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Title: HP-PRRSV challenge of 4 and 10-week-old pigs

item Lager, Kelly
item Faaberg, Kay
item GUO, BAOQING - Iowa State University
item Brockmeier, Susan
item Henningson, Jamie
item Schlink, Sarah
item Miller, Laura
item Kappes, Matthew
item Kehrli Jr, Marcus
item Loving, Crystal
item Nicholson, Tracy
item YANG, H - China Agricultural University

Submitted to: Meeting Proceedings
Publication Type: Proceedings
Publication Acceptance Date: 4/22/2011
Publication Date: 5/10/2011
Citation: Lager, K.M., Faaberg, K.S., Guo, B., Brockmeier, S., Henningson, J.N., Schlink, S.N., Miller, L.C., Kappes, M.A., Kehrli, Jr., M.E., Loving, C.L., Nicholson, T.L., Yang, H.C. 2011. HP-PRRSV challenge of 4 and 10-week-old pigs. In: Proceedings of the 5th Asian PRRSpective Symposium, May 10, 2011, Bangkok, Thailand. 6 pages.

Interpretive Summary:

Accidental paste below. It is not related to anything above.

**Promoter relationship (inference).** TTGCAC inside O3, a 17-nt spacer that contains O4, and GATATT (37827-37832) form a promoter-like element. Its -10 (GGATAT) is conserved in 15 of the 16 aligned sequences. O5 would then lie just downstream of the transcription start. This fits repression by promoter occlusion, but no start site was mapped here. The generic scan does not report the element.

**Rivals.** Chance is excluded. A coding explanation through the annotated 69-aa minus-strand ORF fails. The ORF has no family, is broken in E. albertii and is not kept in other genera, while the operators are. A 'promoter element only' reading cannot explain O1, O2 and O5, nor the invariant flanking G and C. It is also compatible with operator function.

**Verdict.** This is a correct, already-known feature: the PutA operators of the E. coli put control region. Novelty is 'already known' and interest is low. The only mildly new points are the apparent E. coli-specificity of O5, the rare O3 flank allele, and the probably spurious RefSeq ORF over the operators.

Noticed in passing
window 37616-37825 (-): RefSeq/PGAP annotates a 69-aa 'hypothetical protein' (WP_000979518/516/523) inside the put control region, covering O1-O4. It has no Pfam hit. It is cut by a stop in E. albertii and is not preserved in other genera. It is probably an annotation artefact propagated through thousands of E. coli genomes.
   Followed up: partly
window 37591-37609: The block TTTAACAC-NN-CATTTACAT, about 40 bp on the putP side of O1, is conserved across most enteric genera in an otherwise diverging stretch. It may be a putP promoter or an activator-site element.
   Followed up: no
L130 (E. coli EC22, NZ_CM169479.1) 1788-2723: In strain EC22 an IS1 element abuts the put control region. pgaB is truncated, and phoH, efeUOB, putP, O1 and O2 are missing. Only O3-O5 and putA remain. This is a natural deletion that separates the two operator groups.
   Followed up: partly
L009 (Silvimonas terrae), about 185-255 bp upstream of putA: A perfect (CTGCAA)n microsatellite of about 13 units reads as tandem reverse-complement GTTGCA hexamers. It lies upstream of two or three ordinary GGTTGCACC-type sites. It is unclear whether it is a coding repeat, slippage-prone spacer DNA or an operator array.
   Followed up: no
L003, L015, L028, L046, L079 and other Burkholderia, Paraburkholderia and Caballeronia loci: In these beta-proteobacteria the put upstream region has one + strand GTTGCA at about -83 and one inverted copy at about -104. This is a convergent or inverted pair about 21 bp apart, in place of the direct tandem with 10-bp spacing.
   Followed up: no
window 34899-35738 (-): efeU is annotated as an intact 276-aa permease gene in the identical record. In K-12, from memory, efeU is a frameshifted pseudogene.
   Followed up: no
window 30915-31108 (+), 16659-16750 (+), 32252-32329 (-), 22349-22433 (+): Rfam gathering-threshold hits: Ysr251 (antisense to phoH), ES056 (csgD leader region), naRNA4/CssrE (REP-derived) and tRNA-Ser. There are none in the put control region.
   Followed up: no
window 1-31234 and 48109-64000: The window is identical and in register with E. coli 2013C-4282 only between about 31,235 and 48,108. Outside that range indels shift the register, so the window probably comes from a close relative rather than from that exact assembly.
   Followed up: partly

Technical Abstract: In 2006 a unique syndrome was recognized in growing pigs in China with the predominant clinical signs being high fever, anorexia, listlessness, red discoloration of skin, and respiratory distress. The disease had a very high morbidity and mortality rate and became known as porcine high fever disease. Although there was a great concern this syndrome may have been caused by a new pathogen, extensive diagnostic testing only revealed known pathogens. One consistent finding in affected pigs was the detection of porcine reproductive and respiratory syndrome virus (PRRSV) that had unique genetic mutations in the nsp2 gene. This led to the suspicion that PRRSV was the primary cause of porcine high fever disease, an assumption confirmed later by several experiments. Experimental infection of pigs by Zhou, et al., and Tian., et al, reproduced the clinical disease providing strong evidence for the role of PRRSV as the causal agent of porcine high fever disease. However, there was still a question if there was some unknown agent in the PRRSV preparations that increased the severity of the clinical disease over what was expected for a "routine" PRRSV infection. This question was put to rest by Lv et al., when porcine high fever disease was reproduced with virus derived from an infectious clone of the JX143 PRRSV isolate. These studies demonstrated that PRRSV isolates with a common genetic motif had a causal role in porcine high fever disease leading to this lineage of virus being called highly pathogenic PRRSV (HP-PRRSV). In the United States the swine industry has closely followed the porcine high fever disease story. In our laboratory we developed a collaboration with Dr. Yang, China Agricultural University, Beijing, China to import the plasmid containing a full-length clone of the JXwn06 HP-PRRSV isolate. Infectious virus (rJXwn06) was rescued from the clone and used to inoculate young pigs in a series of studies that were recently completed. The clinical results will be summarized in this proceeding and additional data will be presented at the meeting. The first experiment compared the pathogenicity of the rJXwn06 HP-PRRSV with the North American prototype PRRSV, VR-2332, in 4-week-old pigs. Fifty-five conventionally-raised pigs weaned at 3 weeks of age were randomly divided into one of 5 groups (11 pigs per group) that received the following treatments: Group 1 - a sham intranasal inoculation; Group 2 - a "low" dose intranasal challenge with the rJXwn06 virus; Group 3 - a "high" dose intranasal challenge with the rJXwn06 virus; Group 4 - a low dose intranasal challenge with the VR-2332 virus, and Group 5 - a high dose intranasal challenge with the VR-2332 virus. Both challenge viruses had been propagated in MARC-145 cell cultures and each virus was diluted to 1 x 10** CCID50/mL concentration for the high dose. The low dose challenge virus had a concentration of 1 x 10** CCID50/mL. In experiments 2 and 3, all virus challenges consisted of the "high" dose. All inoculations consisted of a 2 ml volume (either sham or virus) given intranasally. Pigs were bled on days 0, 4, 7, 11, and 14 days-post-inoculation (dpi). Pigs were scheduled for necropsy at 14 dpi. Pigs were weighed -1, 7, 14 dpi. The second experiment compared the pathogenicity of the rJXwn06 and VR-2332 viruses in 10-week-old pigs. Thirty-two pigs were divided into 4 treatment groups: Group 1 was sham inoculated controls (n = 8); Group 2 - high dose challenge rJXwn06 virus (n=12); Group 3 was 4 contact pigs that were co-mingled with the Group 2 pigs at 2 dpi and housed together until 13 dpi, the end of the study; and Group 4 - high dose VR-2332 challenge (n = 8). Pigs were bled on 0, 4, 7, 11 and 13 dpi and weighed on -1, 7, and 13 dpi. The third experiment tested the efficacy of a commercially available modified-live vaccine (Inglevac PRRSV MLV, Boehringer Ingelheim, Ve